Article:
Thoms said he constantly evaluates the Google Cloud Platform against rivals like Amazon, but he felt that Google offers more automation than Amazon does.
“With Amazon, you have to have someone piece things together,” Thoms said.
Brooks at 451 agreed with that assessment.
Thoms’ engineering team writes the application logic, and all of the database, server, and scaling components were handled for them. The team runs custom events all of the time, such as player tournaments, that push the cloud computing requirements higher during certain periods.
Without Google Cloud, he said that his team would have had to be bigger and take more time making its games. And with each new game, development time and rollout is happening faster.
Brooks said that Amazon Web Services and Google Cloud differ in terms of pricing. He said that Google charges for the amount of central processing unit cycles used, while Amazon charges for machine time and transactions.
“Google can be absurdly inefficient for some games,” Brooks said. “If you make a game that makes a lot of computational decisions, but only occasionally sends out transactions, it makes a lot of sense to go with Amazon.”
When it needs to, Backflip uses other third-party tools that sit on top of Google Cloud, such as Tableau, a visualization platform for data, to help improve how it understands user behavior.
David Underhill, the director of backend engineering at mobile game maker Pocket Gems, said in an interview that his company teamed up with Google from its very inception about five years ago, when the Google App Engine was new. It has stayed with it ever since and adopted more and more of the platform.
“We started using it when it was free and we were a very cheap company,” Underhill said. “It was a great price tag. But once we got into it, we realized the real benefit was that Google takes care of all of the operations in the data center, like scaling up the service automatically. We just had to worry about implementing the features of the game on top of it.”
At first, Pocket Gems used the platform to save players’ games across different devices. Pocket Gems also used the platform to integrate different marketing technologies from third-party providers of tools such as analytics or promotions.
Over time, it added player interactions that are more social and interactive.
With its new War Dragons game, San Francisco-based Pocket Gems envisioned a game where players could breed dragons, train them, level them up, and fight alongside alliance members in synchronous attacks. The game is online and it delivers results in real-time. Players can collect up to 70 dragons, rendered with Apple’s high-end Metal game graphics technology.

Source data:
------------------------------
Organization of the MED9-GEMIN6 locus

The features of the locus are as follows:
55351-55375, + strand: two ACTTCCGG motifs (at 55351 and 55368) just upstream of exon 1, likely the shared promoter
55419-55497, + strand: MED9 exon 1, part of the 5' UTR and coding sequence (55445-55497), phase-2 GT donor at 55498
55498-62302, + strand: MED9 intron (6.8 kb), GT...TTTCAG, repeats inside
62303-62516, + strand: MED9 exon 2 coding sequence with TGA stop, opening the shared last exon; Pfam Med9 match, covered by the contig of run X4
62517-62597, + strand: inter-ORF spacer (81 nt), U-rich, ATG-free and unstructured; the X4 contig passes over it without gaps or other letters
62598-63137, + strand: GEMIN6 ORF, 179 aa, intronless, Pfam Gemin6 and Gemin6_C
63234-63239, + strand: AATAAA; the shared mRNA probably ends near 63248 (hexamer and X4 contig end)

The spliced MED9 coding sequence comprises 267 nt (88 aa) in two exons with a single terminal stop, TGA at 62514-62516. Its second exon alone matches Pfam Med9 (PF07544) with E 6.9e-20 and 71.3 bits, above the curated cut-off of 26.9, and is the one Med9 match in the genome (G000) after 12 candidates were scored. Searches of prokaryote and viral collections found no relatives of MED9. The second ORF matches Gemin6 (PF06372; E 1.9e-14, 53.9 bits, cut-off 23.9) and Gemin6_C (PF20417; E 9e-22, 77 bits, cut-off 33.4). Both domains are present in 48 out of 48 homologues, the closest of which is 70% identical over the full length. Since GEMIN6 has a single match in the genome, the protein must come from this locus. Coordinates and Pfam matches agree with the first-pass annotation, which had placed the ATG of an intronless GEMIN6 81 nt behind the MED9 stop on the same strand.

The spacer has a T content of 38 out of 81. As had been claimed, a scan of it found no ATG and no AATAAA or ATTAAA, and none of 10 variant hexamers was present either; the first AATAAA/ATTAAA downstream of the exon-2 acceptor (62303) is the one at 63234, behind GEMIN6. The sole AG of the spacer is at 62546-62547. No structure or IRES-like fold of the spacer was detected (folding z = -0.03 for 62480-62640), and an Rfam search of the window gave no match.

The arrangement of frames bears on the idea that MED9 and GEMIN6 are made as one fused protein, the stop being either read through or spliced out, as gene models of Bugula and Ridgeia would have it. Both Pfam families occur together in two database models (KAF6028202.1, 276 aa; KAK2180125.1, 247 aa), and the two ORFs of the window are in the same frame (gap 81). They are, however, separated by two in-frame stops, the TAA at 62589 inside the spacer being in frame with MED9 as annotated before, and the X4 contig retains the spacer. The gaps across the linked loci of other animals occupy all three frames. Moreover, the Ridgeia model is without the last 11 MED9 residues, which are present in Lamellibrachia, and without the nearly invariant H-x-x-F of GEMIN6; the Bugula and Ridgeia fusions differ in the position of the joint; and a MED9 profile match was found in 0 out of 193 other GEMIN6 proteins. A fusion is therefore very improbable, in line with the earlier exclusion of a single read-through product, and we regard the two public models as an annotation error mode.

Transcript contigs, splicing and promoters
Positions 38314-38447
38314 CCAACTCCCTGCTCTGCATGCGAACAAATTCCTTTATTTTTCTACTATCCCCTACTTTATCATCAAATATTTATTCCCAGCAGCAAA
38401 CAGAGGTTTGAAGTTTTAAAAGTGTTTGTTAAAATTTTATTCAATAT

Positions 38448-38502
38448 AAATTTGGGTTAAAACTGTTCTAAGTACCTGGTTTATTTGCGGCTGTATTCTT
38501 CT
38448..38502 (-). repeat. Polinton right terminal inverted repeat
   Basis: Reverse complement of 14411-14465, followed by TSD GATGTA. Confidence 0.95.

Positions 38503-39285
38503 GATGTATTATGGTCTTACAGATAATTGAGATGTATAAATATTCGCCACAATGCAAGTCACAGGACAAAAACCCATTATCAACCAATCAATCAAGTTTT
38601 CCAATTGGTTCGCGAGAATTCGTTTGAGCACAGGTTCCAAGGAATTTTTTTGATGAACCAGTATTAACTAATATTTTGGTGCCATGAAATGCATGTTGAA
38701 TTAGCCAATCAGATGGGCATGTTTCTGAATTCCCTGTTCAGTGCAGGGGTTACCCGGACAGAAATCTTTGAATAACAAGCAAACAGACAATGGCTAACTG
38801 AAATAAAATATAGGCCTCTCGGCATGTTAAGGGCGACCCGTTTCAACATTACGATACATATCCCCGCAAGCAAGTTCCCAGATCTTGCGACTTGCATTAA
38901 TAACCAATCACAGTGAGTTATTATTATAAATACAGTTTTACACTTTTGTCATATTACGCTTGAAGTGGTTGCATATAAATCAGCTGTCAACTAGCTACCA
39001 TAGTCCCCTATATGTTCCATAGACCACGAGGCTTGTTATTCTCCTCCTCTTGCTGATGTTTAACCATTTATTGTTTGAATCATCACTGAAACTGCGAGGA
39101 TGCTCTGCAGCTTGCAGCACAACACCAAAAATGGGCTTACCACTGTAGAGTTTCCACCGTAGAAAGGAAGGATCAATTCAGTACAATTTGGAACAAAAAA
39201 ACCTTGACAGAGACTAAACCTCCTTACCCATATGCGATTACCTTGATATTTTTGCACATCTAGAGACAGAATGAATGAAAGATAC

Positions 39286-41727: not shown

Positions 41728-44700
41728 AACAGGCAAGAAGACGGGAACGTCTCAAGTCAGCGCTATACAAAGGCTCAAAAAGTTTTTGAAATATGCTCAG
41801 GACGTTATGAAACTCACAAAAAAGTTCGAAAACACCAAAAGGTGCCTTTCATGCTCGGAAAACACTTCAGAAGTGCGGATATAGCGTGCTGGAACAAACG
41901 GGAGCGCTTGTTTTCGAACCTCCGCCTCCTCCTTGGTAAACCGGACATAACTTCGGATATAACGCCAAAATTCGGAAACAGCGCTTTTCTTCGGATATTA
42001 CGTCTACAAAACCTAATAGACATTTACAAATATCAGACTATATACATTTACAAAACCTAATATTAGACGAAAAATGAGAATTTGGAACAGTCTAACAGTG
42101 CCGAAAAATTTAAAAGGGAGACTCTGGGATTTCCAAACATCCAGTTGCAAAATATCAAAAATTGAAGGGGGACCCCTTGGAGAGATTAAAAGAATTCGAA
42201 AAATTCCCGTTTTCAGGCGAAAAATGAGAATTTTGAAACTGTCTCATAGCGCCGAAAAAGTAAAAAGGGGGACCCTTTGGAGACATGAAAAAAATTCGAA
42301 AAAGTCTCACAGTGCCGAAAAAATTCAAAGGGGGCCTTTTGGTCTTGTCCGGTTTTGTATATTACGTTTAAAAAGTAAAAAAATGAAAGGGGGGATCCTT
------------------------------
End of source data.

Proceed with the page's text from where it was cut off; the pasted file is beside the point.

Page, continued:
Pocket Gems holds tournaments such as its King of the Hill event. Players organize into teams and fight other teams for control of limited resources. More of the game is now computed in the servers now than on the clients, Underhill said.
“Players are fighting over fortresses, but those fortresses don’t exist on their own mobile devices,” he said. “They exist in the cloud which handles all of the communication and the changes” in the game state for each player.
The shift of the game features to the cloud allows game companies to create better and better shared worlds, Underhill said.
All of that translates to a heavy-duty game that pushes server technology to the limit. The cloud-based game is also more secure, as the Google Cloud can verify the status of any given user. That makes cheats or exploits more difficult for people who want to gain an unfair advantage in a competition.
But using Google Cloud doesn’t mean that every mobile game is becoming generic. Pocket Gems can test changes in the game world without disturbing gamers. It can also use “custom instances,” or create features that are unique.
“We can get thousands and thousands of players competing for dozens of resources, in tournaments that we can create in very short time frames,” Underhill said. “That creates different experiences that keeps the game fresh.”
Underhill also said his company considered using Amazon Web Services.
“When we looked at it for our player content, it hasn’t made sense,” Underhill said. “Google does such a good job of managing the player data and operations that we haven’t considered the switch.”
When things go wrong, Underhill has to talk to Google, but that’s part of the learning process in pushing the tech to its limits. There was a time when some of the calculations for tournament winners were taking longer. So Pocket Gems and Google brainstormed the problem to solve it.
“When we need them, they are very accessible,” Underhill said.
For the future, Google is working to provide more visibility into the platform, and which processes it is running at any given time, in an automated way.